Originally published in 16 Tul. J. Tech. & Intell. Prop. (2013)
44 Pages Posted: 30 Jan 2013 Last revised: 30 Sep 2013
Date Written: January 1, 2013
Throughout history, traditional trade and commerce, whether by land, sea or air, were always performed in a very physical manner, thus subjecting them to constraints and barriers imposed by both natural and man-made borders and jurisdictional lines. The computer and Internet revolutions, however, created a new medium for trade and commerce – the virtual marketplace. This unique platform for engaging in trade and commerce created new opportunities for value and profit generation in novel ways not previously available. One of these Internet-based revenue-generators is online advertising. With growing worldwide accessibility to the Internet, double-digit growth rate, and stronger-than-ever financial reports from the major players in the market (Google, Facebook and the like), online advertising is expected to be a key player in the twenty first century global economy. The unique characteristics of this new type of economic activity challenge the traditional boundaries faced in generating income from cross-border transactions, which for centuries have defined and limited the world of commerce. Online advertising, in contrast, is completely unbound by any physical or jurisdictional borders and it is generated in a multi-party transaction in which the active revenue-generating party (the end-user who views the advertisement or acts upon it) is neither the payee nor the payor. When this type of activity takes place in a multi-jurisdiction context (whether at the international or state level), it gives rise to interesting questions regarding the tax implications of the income it generates. The source of this income, its character, its effect on the U.S. domestic tax system and its impact on the complex web of bilateral tax treaties, are only some of the issues that merit serious discussion. This article will attempt to introduce the reader to the unique characteristics of income from online advertising and present some of the interesting tax implications it creates. .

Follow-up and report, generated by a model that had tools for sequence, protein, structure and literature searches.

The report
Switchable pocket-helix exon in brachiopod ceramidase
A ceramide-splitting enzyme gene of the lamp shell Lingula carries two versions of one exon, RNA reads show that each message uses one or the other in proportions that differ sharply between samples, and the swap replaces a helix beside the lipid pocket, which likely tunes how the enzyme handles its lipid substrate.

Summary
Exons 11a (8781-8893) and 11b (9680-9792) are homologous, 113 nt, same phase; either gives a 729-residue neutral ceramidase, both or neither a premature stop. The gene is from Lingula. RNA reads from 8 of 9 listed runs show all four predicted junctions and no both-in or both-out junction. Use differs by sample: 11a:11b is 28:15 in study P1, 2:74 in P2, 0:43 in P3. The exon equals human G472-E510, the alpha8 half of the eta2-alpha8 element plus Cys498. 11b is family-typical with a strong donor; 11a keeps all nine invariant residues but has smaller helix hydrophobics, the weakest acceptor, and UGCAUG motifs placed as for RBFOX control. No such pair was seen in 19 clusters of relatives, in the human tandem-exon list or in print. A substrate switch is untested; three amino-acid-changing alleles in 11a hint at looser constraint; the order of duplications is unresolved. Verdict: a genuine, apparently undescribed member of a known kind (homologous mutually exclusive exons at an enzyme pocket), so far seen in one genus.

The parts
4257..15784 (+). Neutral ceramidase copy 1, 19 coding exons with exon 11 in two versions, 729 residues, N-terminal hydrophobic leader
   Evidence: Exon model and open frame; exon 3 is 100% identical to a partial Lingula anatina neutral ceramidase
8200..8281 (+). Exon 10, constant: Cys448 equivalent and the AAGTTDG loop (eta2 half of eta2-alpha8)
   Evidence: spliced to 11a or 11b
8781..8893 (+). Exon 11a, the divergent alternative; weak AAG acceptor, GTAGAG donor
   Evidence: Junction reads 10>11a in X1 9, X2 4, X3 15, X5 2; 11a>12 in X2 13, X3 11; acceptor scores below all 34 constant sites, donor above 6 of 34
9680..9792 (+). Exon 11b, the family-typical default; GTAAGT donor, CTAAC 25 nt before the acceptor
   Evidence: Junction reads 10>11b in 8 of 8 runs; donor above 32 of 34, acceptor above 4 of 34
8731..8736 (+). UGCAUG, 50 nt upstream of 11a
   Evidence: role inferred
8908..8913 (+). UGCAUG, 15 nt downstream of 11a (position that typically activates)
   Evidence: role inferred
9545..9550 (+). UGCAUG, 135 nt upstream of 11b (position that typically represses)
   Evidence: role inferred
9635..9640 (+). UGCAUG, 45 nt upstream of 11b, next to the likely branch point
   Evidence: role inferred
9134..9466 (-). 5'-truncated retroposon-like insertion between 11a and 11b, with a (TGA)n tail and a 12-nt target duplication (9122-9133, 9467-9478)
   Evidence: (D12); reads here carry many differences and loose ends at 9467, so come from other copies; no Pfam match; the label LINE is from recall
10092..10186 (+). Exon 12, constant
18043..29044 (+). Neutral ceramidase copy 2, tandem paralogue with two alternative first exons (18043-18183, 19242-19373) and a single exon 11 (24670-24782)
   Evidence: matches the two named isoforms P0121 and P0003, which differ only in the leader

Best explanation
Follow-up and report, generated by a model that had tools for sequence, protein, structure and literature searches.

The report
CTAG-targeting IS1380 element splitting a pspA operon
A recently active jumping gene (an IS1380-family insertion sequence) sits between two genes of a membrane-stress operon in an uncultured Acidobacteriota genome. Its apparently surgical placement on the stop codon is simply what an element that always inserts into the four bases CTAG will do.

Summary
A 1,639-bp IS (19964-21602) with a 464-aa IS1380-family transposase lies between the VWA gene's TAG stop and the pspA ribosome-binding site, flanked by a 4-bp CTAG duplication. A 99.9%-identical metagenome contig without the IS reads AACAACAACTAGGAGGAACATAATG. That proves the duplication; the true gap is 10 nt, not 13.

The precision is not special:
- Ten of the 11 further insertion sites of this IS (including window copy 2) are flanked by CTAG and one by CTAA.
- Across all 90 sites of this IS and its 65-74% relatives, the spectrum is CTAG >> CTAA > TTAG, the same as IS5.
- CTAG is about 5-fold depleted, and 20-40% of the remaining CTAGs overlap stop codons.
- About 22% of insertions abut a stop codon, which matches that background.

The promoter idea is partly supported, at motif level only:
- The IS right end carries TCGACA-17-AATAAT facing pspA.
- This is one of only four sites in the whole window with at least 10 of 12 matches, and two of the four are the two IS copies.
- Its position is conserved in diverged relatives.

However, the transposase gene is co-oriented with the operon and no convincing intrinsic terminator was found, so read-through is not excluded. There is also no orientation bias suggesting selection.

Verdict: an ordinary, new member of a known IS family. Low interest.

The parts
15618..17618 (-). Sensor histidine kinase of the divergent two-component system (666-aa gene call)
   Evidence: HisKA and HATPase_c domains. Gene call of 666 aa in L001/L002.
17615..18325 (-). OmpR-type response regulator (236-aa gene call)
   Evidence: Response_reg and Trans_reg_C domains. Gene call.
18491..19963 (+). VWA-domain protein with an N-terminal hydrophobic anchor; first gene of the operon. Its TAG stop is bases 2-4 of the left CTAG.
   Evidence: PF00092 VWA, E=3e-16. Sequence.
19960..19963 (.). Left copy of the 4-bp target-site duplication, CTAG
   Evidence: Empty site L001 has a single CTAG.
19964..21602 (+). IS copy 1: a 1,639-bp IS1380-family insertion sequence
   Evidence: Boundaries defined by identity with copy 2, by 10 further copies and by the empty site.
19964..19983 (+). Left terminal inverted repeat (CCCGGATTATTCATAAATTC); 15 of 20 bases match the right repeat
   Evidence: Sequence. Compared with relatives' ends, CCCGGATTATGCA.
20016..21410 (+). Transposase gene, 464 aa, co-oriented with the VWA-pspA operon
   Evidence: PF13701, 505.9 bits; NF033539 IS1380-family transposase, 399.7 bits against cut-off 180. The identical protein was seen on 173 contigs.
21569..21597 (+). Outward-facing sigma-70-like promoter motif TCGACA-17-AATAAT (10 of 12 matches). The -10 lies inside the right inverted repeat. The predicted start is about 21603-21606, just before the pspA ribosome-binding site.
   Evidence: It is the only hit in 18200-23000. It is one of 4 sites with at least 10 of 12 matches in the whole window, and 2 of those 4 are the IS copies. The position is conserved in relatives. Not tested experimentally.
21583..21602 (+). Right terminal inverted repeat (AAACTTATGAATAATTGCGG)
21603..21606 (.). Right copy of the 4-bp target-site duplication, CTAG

This paper was selected as the winner of the 2012 International Fiscal Association (USA Branch) Writing Competition.
Keywords: online advertising, source rules, character, cross-jurisdiction, international tax, technology
JEL Classification: H20, H25, K34
Suggested Citation: Suggested Citation
Prussak, Assaf Y., The Income of the 21st Century: Online Advertising as a Case Study for the Implications of Technology for Source-Based Taxation (January 1, 2013). Originally published in 16 Tul. J. Tech. & Intell. Prop. (2013). Available at SSRN: https://ssrn.com/abstract=2206745 or http://dx.doi.org/10.2139/ssrn.2206745